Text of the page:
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The authors would like to thank both patients for their participation to the experimental validations.


This work was supported by the Belgian F.R.S.-FNRS (FRIA grant awarded to PL, Fonds pour la Recherche dans l’Industrie et l’Agriculture, F3/5/5/5-MCF/XH/FC-18101) and by the “Fondation van Goethem Brichant”.

Availability of data and materials

The dataset supporting the conclusions of this article is available in the [perfomance] repository on

Authors’ contributions

PL developed the method of the performance-based assistance, carried out the validation on simulated and experimental data, analyzed the data, and drafted the manuscript. RR developed the method of the performance-based assistance, analyzed the data, and drafted the manuscript. Both authors read and approved the final manuscript.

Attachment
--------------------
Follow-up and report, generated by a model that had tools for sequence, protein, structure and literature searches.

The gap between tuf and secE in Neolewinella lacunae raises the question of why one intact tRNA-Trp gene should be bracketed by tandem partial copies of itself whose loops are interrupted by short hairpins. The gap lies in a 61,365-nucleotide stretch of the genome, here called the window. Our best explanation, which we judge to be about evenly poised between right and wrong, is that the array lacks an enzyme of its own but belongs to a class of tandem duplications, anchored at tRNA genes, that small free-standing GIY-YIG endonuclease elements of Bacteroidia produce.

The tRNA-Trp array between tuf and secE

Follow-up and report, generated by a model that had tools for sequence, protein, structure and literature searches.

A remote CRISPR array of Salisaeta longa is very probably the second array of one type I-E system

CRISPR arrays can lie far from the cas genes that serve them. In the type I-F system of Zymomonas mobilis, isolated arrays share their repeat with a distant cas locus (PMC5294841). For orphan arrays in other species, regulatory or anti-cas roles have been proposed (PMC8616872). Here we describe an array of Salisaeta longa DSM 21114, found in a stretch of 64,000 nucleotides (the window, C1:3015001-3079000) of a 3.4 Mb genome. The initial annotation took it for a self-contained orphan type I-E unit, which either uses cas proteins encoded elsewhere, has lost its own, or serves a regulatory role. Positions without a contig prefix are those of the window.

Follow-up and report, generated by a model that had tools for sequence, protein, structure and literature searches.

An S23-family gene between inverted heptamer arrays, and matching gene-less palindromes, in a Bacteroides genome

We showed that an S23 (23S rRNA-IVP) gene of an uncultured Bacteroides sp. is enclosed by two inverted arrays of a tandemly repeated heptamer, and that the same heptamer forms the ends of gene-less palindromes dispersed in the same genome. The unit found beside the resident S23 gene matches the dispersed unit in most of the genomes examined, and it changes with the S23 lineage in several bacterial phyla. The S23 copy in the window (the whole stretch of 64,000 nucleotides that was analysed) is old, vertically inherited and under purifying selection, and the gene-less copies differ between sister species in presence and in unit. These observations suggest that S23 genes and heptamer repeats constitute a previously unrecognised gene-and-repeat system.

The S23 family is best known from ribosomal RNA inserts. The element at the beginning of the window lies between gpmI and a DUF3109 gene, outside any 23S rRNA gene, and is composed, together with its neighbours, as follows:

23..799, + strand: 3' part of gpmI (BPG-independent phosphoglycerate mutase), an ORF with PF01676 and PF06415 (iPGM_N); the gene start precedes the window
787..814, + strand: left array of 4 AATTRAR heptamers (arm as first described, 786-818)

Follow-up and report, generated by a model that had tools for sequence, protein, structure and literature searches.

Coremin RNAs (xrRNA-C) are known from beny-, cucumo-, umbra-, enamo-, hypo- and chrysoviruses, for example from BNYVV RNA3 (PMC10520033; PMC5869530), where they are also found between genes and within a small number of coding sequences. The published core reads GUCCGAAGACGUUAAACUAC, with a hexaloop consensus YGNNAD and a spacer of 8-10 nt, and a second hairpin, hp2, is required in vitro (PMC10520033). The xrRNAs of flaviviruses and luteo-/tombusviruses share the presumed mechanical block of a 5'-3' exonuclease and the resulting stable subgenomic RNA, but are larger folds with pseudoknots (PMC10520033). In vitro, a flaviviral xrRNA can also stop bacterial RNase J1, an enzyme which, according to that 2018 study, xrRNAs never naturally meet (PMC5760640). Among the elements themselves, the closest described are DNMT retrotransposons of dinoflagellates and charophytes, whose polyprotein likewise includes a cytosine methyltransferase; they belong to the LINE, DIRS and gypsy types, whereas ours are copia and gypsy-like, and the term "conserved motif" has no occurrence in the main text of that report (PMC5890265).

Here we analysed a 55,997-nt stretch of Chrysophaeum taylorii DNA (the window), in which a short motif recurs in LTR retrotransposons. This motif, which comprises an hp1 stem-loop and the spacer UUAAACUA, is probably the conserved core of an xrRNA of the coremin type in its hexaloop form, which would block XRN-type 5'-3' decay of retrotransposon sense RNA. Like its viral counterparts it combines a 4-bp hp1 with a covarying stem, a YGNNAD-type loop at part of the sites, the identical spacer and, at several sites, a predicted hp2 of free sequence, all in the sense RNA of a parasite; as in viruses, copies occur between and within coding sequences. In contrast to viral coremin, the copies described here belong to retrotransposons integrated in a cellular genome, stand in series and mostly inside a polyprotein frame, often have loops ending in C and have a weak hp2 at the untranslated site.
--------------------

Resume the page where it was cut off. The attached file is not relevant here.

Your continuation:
Competing interests

The authors declare that they have no competing interests.

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Not applicable.

Ethics approval and consent to participate

Both patients gave written informed consent to participate in the study, which was approved by the scientific and ethical committees of the Université catholique de Louvain.

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Correspondence to Patricia Leconte.

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Leconte, P., Ronsse, R. Performance-based robotic assistance during rhythmic arm exercises. J NeuroEngineering Rehabil 13, 82 (2016).